In my mother's and then later my wife's collection of cookbooks was one called 'The Joy of Cooking.' I can think of no better epithet for this two-CDs-for-the-price-of-one collection of Haydn piano sonatas than 'The Joy of Music.' We know that Haydn was one of the most joyful composers and certainly that adjective applies to his 60 or so piano sonatas (of which there are ten presented here) and there is absolutely no pianist before the public today who conveys the joy of music-making more than Marc-André Hamelin. Even though I would never have dreamed he would bring out a Haydn sonata collection -- one associates him with less-well-known music, usually of the super-virtuoso sort -- I am thrilled that he did. (And come to think of it, Haydn's sonatas aren't as well known as they deserve to be.) Let me say that this set eclipses any other Haydn sonata recordings I know. It's that simple. There is a such superhuman clarity, such grace, such stylish phrasing, pearly runs, precise figurations, such technical aplomb and such high spirits as to allow me no other conclusion.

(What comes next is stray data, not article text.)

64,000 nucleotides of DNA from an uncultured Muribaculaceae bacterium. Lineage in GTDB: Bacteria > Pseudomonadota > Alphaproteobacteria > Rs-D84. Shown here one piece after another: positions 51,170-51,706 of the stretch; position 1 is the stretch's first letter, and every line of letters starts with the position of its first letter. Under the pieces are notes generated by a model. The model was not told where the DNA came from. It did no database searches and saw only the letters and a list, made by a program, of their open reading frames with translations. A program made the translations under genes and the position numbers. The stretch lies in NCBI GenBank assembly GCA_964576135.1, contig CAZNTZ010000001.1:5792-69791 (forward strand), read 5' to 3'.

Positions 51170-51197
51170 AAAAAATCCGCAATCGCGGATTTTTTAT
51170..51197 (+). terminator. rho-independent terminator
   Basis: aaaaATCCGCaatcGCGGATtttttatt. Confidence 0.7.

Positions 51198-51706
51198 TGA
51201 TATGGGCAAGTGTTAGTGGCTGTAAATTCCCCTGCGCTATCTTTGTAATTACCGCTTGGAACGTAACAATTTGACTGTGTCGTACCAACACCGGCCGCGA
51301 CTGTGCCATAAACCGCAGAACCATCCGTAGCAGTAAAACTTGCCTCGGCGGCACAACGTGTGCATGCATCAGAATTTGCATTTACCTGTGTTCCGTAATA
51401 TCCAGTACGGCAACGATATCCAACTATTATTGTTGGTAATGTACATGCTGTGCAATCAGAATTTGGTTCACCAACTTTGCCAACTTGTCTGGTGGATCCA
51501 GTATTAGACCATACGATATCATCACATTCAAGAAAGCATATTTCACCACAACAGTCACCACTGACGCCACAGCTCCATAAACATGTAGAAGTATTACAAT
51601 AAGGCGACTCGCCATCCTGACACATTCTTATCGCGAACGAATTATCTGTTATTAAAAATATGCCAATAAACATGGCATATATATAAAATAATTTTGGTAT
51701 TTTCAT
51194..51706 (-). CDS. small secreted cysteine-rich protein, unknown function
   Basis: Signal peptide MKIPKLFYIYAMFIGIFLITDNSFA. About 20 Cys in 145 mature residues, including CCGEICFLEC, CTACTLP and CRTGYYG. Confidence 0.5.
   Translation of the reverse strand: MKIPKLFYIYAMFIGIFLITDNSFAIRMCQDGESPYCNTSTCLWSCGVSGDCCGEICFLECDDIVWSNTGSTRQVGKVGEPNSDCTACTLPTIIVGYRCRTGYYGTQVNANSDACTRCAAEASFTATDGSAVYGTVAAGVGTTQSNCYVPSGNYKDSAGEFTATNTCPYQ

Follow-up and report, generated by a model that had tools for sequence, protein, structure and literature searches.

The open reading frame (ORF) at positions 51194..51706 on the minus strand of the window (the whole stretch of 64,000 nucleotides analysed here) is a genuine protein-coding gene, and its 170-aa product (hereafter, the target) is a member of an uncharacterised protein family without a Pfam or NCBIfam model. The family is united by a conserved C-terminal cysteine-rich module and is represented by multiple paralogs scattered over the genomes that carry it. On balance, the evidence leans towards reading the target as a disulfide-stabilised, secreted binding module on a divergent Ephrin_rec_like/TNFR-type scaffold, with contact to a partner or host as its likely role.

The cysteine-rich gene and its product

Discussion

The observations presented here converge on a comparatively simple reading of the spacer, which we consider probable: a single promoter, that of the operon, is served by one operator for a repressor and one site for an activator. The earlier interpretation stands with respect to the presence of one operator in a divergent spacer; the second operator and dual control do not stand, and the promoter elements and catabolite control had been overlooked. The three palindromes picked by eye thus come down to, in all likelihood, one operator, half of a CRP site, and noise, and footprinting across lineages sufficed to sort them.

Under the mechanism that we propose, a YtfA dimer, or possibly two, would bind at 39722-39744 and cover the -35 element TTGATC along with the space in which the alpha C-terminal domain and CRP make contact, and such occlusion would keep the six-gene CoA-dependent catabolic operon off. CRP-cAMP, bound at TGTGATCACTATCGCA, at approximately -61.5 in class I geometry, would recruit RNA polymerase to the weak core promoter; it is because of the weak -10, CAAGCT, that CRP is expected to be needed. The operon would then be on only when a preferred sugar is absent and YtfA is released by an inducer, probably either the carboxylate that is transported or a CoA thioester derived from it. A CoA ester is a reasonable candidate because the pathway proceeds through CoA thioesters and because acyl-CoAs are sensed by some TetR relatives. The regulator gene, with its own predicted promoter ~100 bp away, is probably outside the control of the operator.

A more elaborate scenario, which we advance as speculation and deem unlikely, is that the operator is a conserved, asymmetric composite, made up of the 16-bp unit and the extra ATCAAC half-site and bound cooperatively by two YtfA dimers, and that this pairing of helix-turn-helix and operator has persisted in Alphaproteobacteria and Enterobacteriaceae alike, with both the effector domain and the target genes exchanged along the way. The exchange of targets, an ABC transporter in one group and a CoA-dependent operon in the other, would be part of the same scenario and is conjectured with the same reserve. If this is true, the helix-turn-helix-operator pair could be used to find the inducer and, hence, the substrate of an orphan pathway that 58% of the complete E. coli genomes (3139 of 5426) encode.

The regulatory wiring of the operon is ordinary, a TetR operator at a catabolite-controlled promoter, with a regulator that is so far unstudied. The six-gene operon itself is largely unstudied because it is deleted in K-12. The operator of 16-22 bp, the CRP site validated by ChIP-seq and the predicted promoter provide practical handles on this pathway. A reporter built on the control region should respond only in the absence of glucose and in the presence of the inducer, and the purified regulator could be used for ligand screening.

The contents of the two CDs are representative of Haydn's entire sonata output, with a couple of the masterful late sonatas -- Nos. 50 in C and 52 in E flat -- cheek by jowl with some of the earlier, less experimental ones, such as No. 23 in F.
It's a wonder to me that Haydn sonatas are not more often played or recorded. Perhaps, like the piano trios, it's because there are so many of them. But if you compare the number of recordings and performances of Mozart sonatas with these gems the disparity is astonishing. I find that I turn to the Haydn sonatas in my own listening more often than I do the Mozarts, although I love both sets of sonatas immoderately. And now that we have this group of sonatas played by Hamelin I suspect I'll be doing so even more often; in fact, there has been no other music in my car CD player for the past two weeks. Is it too much to hope that perhaps there will be more Hamelin recordings of Haydn? One can only wish.